Complexity and Gestalt

Douglas Edric Stanley


I’ve been experimenting with the idea of complexity recently, and over the past few hours with Gestalt-esque tensions between form recognition and visual overload. This is related to a series of questions I’ve been asking myself about the relationship between perspective and recursivity in algorithmic machines. I’m interested in the nature of all those lovely spindly lines we see populating so many Processing sketches, and how they relate with code stuctures. Complex forms come cheap in code; all you need is an iterator: it costs almost nothing — from the programmer’s perspective — to draw 1 line and n lines, especially when you take performance out of the equation. But beyond the economy of drawing hundreds of thousands of millions of bajillions of lines, what about the perceptive field that emerges from this code? If there is a machinic relationship between the visual forms and the code forms (one our basic tenets), what do these code structures generate in terms of perceptive structures? And does computer code — if treated as a series of recursive abstractions (at least in practice) — form new perception-fields at each stratum of abstraction, synchronized to the code abstraction layers?

There are several ways to explore these questions. As a quick experiment, I built this somewhat simplistic diagram in a few minutes to describe one of these perceptive fields. Often 3D shapes make no sense in a 2D plane unless there is movement; even when you add shadows, shaders, and camera effects, etc., there is often that problem of render mode ambiguity. This diagram plays with this ambiguity, making the code form more visible with movement. Otherwise it tends to resemble a formless 2D field. Here, the addition of an extra plane (i.e. movement) renders a form visible, just as Google Earth renders visible historically ambiguous relationships between the U.S. military and Nazism or reveals Roman ruins by looking at unnaturally shaped mounds from space. By the addition of one simple « dimension », a form emerges. What is interesting here is how the extra dimension can be mapped to a specific line of code: rotate().

Actually, there is an additiontal relationship in this diagram between the 3D functions « translate » and « rotate » : the translation movements of each mini-cube makes the meta-cube more visible (by revealing more of its contours), but only when viewed in conjunction with a rotation movement.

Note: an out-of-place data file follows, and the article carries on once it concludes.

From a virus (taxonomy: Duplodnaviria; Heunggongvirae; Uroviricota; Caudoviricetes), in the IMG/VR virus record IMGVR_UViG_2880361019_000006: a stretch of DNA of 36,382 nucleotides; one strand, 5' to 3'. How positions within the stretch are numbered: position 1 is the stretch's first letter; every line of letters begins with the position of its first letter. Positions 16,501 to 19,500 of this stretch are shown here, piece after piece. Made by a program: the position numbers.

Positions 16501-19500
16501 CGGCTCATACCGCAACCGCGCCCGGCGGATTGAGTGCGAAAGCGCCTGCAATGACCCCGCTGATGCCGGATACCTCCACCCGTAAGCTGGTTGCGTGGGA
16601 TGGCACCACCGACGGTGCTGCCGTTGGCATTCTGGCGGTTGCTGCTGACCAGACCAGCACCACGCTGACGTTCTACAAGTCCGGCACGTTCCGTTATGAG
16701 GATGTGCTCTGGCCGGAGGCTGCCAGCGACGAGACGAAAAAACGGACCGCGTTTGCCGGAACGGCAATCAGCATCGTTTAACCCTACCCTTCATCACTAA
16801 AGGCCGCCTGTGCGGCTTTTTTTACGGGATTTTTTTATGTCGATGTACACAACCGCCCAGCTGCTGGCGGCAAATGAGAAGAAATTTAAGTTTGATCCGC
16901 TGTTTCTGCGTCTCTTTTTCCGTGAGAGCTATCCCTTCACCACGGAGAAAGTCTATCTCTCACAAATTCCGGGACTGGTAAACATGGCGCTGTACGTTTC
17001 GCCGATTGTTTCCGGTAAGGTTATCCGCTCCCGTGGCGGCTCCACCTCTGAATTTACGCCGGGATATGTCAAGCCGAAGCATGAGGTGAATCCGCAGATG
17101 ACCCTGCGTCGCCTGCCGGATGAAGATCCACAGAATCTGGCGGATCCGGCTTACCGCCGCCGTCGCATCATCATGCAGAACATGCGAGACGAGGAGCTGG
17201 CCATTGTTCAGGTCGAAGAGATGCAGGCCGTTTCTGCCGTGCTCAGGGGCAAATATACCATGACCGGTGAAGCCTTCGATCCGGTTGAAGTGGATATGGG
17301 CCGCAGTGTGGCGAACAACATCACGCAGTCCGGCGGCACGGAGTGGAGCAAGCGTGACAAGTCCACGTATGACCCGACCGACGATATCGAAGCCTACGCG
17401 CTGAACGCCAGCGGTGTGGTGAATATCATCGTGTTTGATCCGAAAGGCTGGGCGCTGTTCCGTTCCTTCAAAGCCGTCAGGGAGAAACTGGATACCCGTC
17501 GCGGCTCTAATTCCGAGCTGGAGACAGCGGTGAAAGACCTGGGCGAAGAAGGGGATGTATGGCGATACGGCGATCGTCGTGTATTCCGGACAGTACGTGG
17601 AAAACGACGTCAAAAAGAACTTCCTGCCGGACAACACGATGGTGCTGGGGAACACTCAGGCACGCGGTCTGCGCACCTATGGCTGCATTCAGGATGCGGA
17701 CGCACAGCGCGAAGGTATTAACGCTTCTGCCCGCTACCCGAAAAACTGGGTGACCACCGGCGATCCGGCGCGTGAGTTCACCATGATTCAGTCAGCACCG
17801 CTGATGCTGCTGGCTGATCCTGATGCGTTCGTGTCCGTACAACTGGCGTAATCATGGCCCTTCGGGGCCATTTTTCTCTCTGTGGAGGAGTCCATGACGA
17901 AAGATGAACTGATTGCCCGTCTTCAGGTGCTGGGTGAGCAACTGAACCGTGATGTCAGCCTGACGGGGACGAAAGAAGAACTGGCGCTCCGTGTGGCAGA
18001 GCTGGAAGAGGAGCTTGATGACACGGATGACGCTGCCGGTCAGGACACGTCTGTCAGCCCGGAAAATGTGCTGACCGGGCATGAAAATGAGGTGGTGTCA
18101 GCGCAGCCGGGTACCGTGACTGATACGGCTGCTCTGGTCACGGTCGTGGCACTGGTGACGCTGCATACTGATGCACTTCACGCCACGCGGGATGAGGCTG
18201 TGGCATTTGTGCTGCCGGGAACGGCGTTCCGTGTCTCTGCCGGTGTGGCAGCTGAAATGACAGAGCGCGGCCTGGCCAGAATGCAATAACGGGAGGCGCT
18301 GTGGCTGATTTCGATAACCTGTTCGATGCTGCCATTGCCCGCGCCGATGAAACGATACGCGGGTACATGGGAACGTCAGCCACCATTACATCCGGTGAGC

It is important to keep in mind that this is a simple example intended to illustrate the principle, and not its effect in the real-world. For that, we would have to look elsewhere; to give just a few examples I’ve been working with recently, I could cite Masaki Fujihata’s Field-Works or, from a more media analysis perspective, Ben Fry’s Mario Soup, Dismap or Martin Wattenberg’s Shape of Song.

This might be totally left field, but now that I think of it, there’s a great passage in Italo Calivino’s Leibniz inspired « reading a wave » from Mr. Palomar:

« Mr Palomar sees a wave rise in the distance, grow, approach, change form and color, fold over itself, break, vanish, and flow again. At this point he could convince himself that he has concluded the operation he had set out to achieve, and he could go away. But it is very difficult to isolate one wave, separating it from the wave immediately following it, which seems to push it and at times overtakes it and sweeps it away; just as it is difficult to separate that one wave from the wave that precedes it and seems to drag it towards the shore, unless it turns against its follower as if to arrest it. Then if you consider the breath of the wave, parallel to the shore, it is hard to decide where the advancing front extends regularly and where it is separated and segmented into independent waves, distinguished by their speed, shape, force, direction. In other words, you cannot observe a wave without bearing in mind the complex features that concur in shaping it and the other equally complex ones that the wave itself originates. These aspects vary constantly, so each wave is different from another wave, even if not immediately adjacent to successive; in other words there are some forms and sequences that are repeated, though irregularly distributed in space and time. » (p.3-4)
For ultimately, all of these questions of abstraction and gestalt are in fact questions about our relationship to complexity and the role algorithmic machines (will inevitably) play in negotating our increasing complexity malaise :

« [A]t each moment he thinks he has managed to see everything to be seen from his observation-point, […] something always crops up that he had not borne in mind. If it were not for his impatience to reach a complete, definitive conclusion of his visual operation, looking at waves would be a very restful exercise for him and could save him from neurasthenia, heart attack, and gastric ulcer. And it could perhaps be the key to mastering the world’s complexity by reducing it to the simplest mechanism. […] Only if he manages to bear all the aspects in mind at once can he begin the second phase of the operation: extending this knowledge to the enitre universe. It would suffice not to lose patience, as he soon does. Mr Palomar goes off along the beach, tense and nervous as when he came, and even more unsure about everything. » (p.5-7)